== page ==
The three flavors I tried were: Xxtra Chocolate Chip Deux, a collab with Not Skinny But Not Fat that features biotin and vitamin B12; Brownie Batter Deux with aloe vera and vitamin C for a collagen boost; and Birthday Cake Deux with ashwagandha for stress relief—all furthering my intrigue. I sampled each flavor on its own and baked a few spoonfuls according to the instructions. (FYI: I like my cookies pretty gooey, but noted that they still needed a few extra minutes in the oven).
Surprisingly, I liked the cookies as much or more than the actual dough. Brownie Batter was a curveball favorite for its texture and perfect amount of sweetness, but the other two varieties were pretty tasty as well—that is, if you’re already accustomed to experimenting with vegan and/or gluten-free baking.
However, I had to wonder if Deux products were actually doing me any more good aside from giving me a nice serotonin boost with less sugar and a shorter ingredient list. I sought the advice from Kylie Ivanir, MS, RD, a gut health expert and nutrition and wellness expert.
A dietitian's take on Deux cookie dough
“Deux’s cookie dough has some interesting flavors that I am sure taste as delicious as they sound, and I was happy to discover the products have some health benefits, too,” Ivanir says. “I specifically like that they are preservative-, additive-, and chemical-free, and that they incorporate nutritional ingredients such as organic oat flour, cashew butter, and flaxseed to add fiber and protein to each serving. Two grams of fiber and two grams of protein per serving is definitely a bonus for a cookie dough treat.”
However, Ivanir says that the sugar content is pretty high for a 1 1/2 tablespoon serving... and that the ingredients list may be misleading to some who don’t realize that the sugar is broken up and listed under maple syrup, organic cane sugar, and coconut sugar. She notes this likely makes sugar the main ingredient in the dough—but if you see this as a healthy-ish treat versus a nourishing snack, that’s okay.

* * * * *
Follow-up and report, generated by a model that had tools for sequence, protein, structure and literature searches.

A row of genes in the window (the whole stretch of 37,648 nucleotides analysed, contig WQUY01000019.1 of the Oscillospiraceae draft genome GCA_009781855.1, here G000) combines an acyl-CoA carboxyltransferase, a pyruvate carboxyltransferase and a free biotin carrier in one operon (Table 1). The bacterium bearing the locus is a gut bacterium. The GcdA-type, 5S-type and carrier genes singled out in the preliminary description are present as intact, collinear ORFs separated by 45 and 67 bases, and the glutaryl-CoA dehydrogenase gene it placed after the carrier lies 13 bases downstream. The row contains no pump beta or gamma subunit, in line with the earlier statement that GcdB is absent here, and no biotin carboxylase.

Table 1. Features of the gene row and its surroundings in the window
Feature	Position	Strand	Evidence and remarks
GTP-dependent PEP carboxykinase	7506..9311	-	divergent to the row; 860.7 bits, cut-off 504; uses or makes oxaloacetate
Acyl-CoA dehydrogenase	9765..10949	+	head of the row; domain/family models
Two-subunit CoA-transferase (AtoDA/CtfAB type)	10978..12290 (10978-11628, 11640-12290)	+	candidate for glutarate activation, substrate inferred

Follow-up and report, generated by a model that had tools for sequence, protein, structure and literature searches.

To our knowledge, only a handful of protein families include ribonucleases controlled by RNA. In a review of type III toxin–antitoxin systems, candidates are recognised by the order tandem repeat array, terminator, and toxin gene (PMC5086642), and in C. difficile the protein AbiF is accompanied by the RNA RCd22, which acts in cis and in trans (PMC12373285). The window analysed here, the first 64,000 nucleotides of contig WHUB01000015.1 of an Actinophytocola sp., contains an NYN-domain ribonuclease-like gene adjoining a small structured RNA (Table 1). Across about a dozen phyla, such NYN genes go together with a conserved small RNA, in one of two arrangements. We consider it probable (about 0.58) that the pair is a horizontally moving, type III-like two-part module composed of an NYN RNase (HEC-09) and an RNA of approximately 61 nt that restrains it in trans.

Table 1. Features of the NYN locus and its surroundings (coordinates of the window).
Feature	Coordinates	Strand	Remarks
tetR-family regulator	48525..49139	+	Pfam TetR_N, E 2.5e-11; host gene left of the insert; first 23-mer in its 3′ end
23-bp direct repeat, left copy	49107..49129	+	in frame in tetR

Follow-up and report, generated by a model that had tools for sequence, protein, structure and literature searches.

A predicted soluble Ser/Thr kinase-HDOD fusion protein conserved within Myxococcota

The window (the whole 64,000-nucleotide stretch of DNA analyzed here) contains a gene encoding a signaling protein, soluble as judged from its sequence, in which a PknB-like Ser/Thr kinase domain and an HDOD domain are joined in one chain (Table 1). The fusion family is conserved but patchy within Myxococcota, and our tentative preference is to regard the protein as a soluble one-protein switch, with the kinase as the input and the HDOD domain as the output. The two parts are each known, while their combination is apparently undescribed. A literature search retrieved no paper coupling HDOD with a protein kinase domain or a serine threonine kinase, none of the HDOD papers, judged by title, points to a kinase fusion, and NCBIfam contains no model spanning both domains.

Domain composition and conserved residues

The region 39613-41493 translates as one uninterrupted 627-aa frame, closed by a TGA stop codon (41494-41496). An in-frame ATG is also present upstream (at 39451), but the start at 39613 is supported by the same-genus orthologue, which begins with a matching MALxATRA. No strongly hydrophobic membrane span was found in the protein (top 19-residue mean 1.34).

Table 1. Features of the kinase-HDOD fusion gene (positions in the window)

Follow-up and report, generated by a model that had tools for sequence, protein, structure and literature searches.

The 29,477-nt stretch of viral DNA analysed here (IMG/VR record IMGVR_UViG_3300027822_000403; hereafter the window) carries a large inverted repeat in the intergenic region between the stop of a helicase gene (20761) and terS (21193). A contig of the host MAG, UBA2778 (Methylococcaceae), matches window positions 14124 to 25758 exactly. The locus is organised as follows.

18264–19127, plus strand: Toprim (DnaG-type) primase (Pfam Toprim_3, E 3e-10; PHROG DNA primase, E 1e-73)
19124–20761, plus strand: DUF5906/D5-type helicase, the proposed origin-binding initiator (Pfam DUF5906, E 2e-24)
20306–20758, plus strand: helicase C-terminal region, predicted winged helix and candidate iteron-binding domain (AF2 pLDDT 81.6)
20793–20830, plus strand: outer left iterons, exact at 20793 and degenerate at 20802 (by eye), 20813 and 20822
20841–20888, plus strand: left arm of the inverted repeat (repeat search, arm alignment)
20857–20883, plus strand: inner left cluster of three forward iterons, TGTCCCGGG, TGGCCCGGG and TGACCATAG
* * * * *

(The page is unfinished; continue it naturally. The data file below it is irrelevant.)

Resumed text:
I also had to know if the birthday cake-flavored cookie dough with ashwagandha would really chill me out and if eating brownie batter would help make my skin more supple. Ivanir says that when vitamins and minerals are added to foods where they are not naturally found, such as cookie dough, they are most often supplemented in synthetic form, making them less bioavailable for your body to absorb. Therefore, she advised me not to rely on chocolate chip cookie dough (even vegan, gluten-free, and organic kinds) as part of my daily supplement regimen.
“Overall, I probably wouldn’t use Deux as a pantry staple—and certainly not a supplement—but more as an occasional tasty treat,” Ivanir says. “And I would certainly recommend picking it up over a box of conventional cookie dough if you're looking for something with less sugar, fewer processed ingredients, and/or a product that can satisfy certain dietary restrictions.”
So, it looks like my new Deux fixation is totally fine, so long as I don’t put a health halo on an edible jar of cookie dough. As with everything, it’s all about diversifying our diets and finding balance and joy, and I plan to savor my jars for feel-good sweet treats that actually fit all my friends’ dietary restrictions.
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